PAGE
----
How to Finish Wood When You Have 6 Months to Do It
I read a lot of Bob Flexner on the topic of finishing wood furniture. I don’t really enjoy finishing wood as much as Bob does, but maybe that’s why I have gotten so interested in learning more. What am I doing wrong that has made it less enjoyable for me in the past? How can I improve my understanding of the skills? One thing that Bob usually emphasizes in his articles on how to finish wood is that you should always try to “start with your finish,” which means test a few finishes for each project before you jump into the final piece.
Last night I went to a regional cedar sawmill and picked up a load of Northern White for my Adirondack chair project. Since I have about 6 months before I need to deliver the finished pieces to their recipients, I figure this is a perfect opportunity to test several finish options beforehand. I can even leave the test pieces outside in the elements and see how they fare.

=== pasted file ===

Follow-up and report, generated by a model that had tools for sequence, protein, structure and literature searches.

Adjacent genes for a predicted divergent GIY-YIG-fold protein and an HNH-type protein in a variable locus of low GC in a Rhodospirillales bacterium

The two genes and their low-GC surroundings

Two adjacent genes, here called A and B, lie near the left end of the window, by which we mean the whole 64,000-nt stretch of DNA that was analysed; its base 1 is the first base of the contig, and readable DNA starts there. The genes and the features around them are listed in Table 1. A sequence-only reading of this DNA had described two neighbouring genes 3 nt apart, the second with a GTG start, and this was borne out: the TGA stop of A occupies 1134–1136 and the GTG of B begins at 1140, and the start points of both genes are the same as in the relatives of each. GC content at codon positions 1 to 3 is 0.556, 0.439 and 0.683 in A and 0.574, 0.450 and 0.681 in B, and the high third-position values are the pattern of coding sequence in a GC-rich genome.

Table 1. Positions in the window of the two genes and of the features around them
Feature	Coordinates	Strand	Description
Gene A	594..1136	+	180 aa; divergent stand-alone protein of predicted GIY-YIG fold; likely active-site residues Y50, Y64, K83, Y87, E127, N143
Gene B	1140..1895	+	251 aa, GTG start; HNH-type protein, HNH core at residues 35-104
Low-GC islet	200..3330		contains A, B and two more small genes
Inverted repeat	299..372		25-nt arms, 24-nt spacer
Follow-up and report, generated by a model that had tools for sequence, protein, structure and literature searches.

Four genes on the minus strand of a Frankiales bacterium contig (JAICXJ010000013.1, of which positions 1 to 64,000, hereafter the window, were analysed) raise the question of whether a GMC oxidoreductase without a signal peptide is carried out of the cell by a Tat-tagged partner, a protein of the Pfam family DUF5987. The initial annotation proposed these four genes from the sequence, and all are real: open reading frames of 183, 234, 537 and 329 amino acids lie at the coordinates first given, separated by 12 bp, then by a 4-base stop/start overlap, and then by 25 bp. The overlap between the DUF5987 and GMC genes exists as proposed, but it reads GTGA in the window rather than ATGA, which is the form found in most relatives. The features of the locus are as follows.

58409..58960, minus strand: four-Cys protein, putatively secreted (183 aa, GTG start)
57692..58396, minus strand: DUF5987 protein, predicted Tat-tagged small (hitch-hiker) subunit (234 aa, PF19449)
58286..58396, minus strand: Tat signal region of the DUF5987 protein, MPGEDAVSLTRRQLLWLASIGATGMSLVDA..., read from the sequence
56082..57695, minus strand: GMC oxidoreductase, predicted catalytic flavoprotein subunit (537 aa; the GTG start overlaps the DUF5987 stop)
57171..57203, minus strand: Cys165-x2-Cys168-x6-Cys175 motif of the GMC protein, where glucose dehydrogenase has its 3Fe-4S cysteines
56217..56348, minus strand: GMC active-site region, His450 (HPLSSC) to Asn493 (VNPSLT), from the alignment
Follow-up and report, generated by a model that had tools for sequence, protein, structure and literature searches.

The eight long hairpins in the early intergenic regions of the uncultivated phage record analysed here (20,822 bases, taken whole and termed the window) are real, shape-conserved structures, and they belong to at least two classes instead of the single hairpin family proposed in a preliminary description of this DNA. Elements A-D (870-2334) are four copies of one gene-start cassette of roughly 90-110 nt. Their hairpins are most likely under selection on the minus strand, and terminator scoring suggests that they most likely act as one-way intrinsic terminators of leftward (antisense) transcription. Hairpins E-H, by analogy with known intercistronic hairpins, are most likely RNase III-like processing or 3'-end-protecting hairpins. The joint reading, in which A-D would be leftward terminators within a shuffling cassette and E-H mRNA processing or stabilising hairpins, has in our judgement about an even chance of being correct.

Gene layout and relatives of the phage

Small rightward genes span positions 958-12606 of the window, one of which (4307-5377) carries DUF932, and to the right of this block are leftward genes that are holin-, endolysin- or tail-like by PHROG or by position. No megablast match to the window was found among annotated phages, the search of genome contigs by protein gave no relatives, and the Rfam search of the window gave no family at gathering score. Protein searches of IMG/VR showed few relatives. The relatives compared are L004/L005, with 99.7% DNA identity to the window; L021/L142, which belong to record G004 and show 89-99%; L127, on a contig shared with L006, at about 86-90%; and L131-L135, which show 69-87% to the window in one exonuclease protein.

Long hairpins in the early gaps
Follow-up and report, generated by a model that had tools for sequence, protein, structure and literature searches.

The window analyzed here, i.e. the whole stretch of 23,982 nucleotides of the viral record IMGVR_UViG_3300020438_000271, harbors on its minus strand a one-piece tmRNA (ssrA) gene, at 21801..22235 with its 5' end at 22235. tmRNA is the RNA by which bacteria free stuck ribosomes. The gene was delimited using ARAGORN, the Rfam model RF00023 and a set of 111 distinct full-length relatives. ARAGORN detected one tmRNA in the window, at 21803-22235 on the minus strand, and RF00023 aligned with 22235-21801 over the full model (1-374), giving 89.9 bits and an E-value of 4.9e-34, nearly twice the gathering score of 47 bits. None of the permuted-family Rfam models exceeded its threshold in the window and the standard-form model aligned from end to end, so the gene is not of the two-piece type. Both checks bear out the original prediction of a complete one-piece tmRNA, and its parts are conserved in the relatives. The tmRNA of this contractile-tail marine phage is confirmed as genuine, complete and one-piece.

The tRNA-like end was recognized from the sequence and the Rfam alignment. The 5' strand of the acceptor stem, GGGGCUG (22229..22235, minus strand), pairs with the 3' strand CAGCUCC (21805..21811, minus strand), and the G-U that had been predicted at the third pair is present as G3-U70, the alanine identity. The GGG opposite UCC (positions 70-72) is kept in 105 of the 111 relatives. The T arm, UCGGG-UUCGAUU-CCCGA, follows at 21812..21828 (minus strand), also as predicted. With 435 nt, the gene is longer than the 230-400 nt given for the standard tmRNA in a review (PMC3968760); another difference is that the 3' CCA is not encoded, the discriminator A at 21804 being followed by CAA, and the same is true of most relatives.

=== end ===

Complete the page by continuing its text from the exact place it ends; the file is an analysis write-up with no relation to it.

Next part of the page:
Here are the wood finish options I’m considering:
1) Primer and paint. I don’t actually need to test this one, since I know how it will look and I know (from reading Bob) that it is a very effective outdoor finish.
2) No finish. This will be a very easy one to test. I’ll cut a sample piece and plane 4 sides to expose the unfinished surfaces. Cedar is supposed to be pretty good on its own. We’ll see how it goes!
3) Thompson water seal. A blog reader suggested this one. I know it is easy to find at the home center, so I figure I’ll give it a shot.
4) Natural oils from the woodworking specialty store. Again, this was a reader suggestion. It will be interesting to compare the specialty product to the home center product.
5) Polyurethane. I have used this in the past, so it will be easy to apply. What I don’t know is how it looks on cedar and how it will fare outside.
6) Wiping varnish, sometimes mislabeled as Tung oil. I know this works nicely on indoor projects. We’ll see how it compares to poly for the outdoors.
I will probably experiment with a stain or two in combination with some of the above finishes. Bob recommends using a “sealer coat” under your stain on soft woods like cedar. A sealer coat is simply a single coat of your chosen finish, applied to the bare wood. After applying the sealer coat and letting it dry, sand it smooth and apply the stain. Then proceed with your finish coats.